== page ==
Short Sharp Shocks! #16
Christopher Stanley: The Forest Is Hungry
Reviewed By Steve Stred
Demain Publishing has put out so many stunning releases with their stellar Short! Sharp! Shocks! series that you’d be hardpressed to pick out an absolute best. Saying that – what I read with ‘The Forest is Hungry‘ would be a strong contender in that category.
What I liked: God, was this story creepy as hell. Richard is a torn man. He left his wife three years ago, moving into a new house with a new woman. A house by a forest. Now, his daughter comes for visits. But on one such visit, she disappears in the forest. After finding her, Richard discovers that she has developed a connection with the trees themselves.
I’ve not read anything by Stanley previously, but you’d be a smart person to put money down on me seeking out more of his work, after reading this. Everything happens for a precise and brutal reason and as we get to the ending, Stanley gives us scary kids in levels not achieved since ‘Children of the Corn.’
What I didn’t like: This one is near perfect, so it is difficult to really find a fault or something others may not enjoy. I’ll have to go with the tried and true – I wish it would’ve been longer. Saying that, this story doesn’t feel rushed or that it’s missing anything.
Why you should buy it: What Dean and Adrian have created with Demain is amazing and the variety of voices they’ve released is staggering. Stanley is yet another author I’ve discovered who delivered one of the creepiest stories I’ve ever read. This one is an absolute home run. Kudos to the author for making me squirm.
The Forest Is Hungry
A sick daughter, a father’s race against time to find the one thing that might save her and a mysterious tree growing through the kitchen floor…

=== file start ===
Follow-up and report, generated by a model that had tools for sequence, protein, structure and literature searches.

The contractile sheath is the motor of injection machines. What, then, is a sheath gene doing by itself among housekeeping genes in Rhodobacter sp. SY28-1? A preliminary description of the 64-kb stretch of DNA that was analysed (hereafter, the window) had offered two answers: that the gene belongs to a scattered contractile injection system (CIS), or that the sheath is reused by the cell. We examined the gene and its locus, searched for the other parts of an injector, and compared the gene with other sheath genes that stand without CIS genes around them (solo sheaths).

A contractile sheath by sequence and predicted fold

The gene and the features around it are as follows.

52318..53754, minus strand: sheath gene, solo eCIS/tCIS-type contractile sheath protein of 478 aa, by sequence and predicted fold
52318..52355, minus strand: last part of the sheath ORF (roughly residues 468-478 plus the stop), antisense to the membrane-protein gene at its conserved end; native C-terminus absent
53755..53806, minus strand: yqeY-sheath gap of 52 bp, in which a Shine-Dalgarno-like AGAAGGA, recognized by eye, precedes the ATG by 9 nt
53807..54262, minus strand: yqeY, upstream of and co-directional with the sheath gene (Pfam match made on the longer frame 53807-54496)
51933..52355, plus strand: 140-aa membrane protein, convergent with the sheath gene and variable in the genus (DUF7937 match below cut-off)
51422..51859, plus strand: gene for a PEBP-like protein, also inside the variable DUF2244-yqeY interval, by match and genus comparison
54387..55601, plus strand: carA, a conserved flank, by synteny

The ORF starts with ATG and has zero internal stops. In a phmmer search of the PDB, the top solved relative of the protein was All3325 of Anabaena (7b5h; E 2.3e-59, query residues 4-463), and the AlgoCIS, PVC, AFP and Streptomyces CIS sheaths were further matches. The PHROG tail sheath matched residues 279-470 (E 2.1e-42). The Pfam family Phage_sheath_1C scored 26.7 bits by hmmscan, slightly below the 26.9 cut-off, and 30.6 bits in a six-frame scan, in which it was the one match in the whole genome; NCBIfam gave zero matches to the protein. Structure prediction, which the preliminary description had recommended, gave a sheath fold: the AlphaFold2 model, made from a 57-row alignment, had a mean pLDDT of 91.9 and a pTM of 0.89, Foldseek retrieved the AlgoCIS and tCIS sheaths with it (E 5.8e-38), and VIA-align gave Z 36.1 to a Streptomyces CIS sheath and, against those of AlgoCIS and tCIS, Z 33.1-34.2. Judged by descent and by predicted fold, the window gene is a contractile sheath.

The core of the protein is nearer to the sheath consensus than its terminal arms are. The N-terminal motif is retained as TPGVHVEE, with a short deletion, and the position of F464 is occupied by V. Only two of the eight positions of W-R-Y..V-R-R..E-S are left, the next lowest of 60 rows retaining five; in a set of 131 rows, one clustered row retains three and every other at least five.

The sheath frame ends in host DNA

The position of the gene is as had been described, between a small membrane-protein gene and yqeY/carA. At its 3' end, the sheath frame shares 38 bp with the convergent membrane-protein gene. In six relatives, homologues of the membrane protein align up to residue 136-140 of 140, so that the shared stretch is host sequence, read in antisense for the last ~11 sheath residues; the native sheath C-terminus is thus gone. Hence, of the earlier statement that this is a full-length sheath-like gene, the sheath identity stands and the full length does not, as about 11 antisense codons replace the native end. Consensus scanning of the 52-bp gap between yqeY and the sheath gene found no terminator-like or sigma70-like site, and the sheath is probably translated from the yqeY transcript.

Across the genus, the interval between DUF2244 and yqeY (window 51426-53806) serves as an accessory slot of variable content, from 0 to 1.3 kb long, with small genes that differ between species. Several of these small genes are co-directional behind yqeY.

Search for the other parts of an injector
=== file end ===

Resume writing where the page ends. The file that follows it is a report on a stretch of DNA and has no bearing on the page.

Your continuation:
Post Review Questions
Kendall Reviews: Do you have a reason for why the forest is hungry at the time of this story?
Christopher Stanley: That’s a great question! I think it makes sense for it to happen in the modern era, given the cumulative impact mankind is having on the planet. Whether it’s over-population, fossil fuels, deforestation, plastics—any of those things that weren’t noticeably part of my childhood but that my kids are growing up with every day—it seems we’ve backed the planet into a corner. It’ll be interesting to see what changes we make following the lockdown. I’m cautiously optimistic that some things will change for the better.
KR: Have you created a backstory you plan to explore in a future story?
CS: The short answer is: no. Most of my stories are self-contained. At the moment, I have so many ideas for stories I want to write, I can’t imagine revisiting any of those that are out there already. I have friends who’ve turned short stories into novels with great success, so I wouldn’t rule out the possibility of revisiting this world—or any of the others I’ve created—at some point in the future. But it’s not something I’ve done or am planning to do anytime soon.
KR: What led you to decide on the growth of trees through the homes?
CS: I think it’s important the trees are seen as a real and immediate threat to the characters in the story. If the characters have to visit the forest to be in danger, the simple answer would be to stay at home. Maybe I could have made the trees mobile, but then I’d be wandering into Tolkien territory, and it just didn’t feel right.
We’ve had bamboo in our back garden before so I know how determined plant life can be. That bamboo sprung up everywhere, through everything—and it grew so fast! Thankfully it never came in the house. That would have been a whole new level of weird.